Army Corps Of Engineers Levee Repair Tries To Beat Weather

The Army Corps of Engineers and its contractors are working extra hours in an effort to complete levee repairs before winter rains set in.

In Marysville a two thousand foot section of levee protecting the city from the Feather and Yuba Rivers is being reinforced with a slurry mixture of soil, cement and a special type of clay.  The underground wall will extend 120 feet into the ground.

There were delays in the project while the Corps checked to see if the mixture was done correctly. Several drilling rigs were added to the job and crews will now work 15-hour days and several Sundays to get the work done.

In South Sacramento, a concrete flood wall 10 feet high and extending seven feet beneath the ground is being built on a half mile stretch of Morrison Creek.  A Union Pacific Railroad embankment was the only thing protecting several hundred nearby homes from the flood prone creek.

"This embankment was serving as a levee but it was not designed to be a levee for issues such as seepage," said Marshall Marik, Army Corps of Engineers Project Manager.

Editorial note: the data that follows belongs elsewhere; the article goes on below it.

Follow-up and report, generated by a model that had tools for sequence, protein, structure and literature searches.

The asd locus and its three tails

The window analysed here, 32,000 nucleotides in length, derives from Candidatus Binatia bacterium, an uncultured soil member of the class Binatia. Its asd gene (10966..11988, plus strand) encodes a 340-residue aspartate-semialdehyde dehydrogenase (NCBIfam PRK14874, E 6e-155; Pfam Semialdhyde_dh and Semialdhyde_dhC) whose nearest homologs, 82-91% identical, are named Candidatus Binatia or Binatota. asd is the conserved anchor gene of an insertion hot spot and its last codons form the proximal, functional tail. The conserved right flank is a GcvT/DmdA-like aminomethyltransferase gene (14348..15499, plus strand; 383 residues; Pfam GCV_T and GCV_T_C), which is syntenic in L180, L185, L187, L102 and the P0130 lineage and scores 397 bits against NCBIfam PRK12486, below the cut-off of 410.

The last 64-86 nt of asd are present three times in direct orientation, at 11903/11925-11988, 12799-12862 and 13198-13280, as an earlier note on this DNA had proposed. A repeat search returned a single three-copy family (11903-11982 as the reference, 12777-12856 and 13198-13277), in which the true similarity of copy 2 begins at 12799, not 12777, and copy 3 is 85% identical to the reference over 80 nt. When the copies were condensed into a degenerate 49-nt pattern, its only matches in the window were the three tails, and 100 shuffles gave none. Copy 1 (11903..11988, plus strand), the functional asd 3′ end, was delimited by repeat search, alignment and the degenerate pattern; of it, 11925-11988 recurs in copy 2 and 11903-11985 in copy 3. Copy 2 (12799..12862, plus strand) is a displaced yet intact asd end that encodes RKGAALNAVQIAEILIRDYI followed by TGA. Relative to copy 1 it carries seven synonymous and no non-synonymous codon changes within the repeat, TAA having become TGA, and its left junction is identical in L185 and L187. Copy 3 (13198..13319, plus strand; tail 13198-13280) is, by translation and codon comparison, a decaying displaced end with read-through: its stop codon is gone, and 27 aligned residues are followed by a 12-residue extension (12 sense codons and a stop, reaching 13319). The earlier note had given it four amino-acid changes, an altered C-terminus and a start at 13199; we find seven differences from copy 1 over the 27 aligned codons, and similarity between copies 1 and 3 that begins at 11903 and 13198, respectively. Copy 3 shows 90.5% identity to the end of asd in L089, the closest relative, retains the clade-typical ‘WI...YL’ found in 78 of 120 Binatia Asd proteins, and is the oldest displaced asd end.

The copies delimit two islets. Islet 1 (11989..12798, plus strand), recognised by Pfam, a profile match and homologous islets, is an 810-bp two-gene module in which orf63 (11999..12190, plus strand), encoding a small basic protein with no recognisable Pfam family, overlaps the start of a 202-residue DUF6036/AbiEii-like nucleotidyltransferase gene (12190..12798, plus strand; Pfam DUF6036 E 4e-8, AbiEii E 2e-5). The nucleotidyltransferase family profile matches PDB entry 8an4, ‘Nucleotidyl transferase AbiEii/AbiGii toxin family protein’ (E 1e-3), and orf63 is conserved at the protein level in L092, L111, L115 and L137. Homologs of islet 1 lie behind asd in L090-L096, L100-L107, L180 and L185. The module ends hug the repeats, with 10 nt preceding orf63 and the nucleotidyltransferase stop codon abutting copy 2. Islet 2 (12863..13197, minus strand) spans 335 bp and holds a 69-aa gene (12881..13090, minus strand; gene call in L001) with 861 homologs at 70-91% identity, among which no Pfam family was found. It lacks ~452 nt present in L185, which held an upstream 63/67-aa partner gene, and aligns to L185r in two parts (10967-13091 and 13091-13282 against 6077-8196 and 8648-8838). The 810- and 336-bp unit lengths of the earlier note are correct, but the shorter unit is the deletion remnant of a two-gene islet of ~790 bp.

A SMUD natural gas pipeline, a water main and fiber optic cables through the area complicated construction. Crews will now work from sunup to sundown to finish before the winter rains come. Malik says in some instances crews will work until 10 p.m.  In both cases, homeowners nearby were notified of the extend work hours.

Resident Antoine Williams says it can get noisy, but the trains that run parallel to the creek are even noisier.

"It's for our safety so we don't get flooded out so I guess it's a good thing," said Williams.

Corps officials say they are doing their best to provide flood protection for residents with the least amount of negative impact on their lives.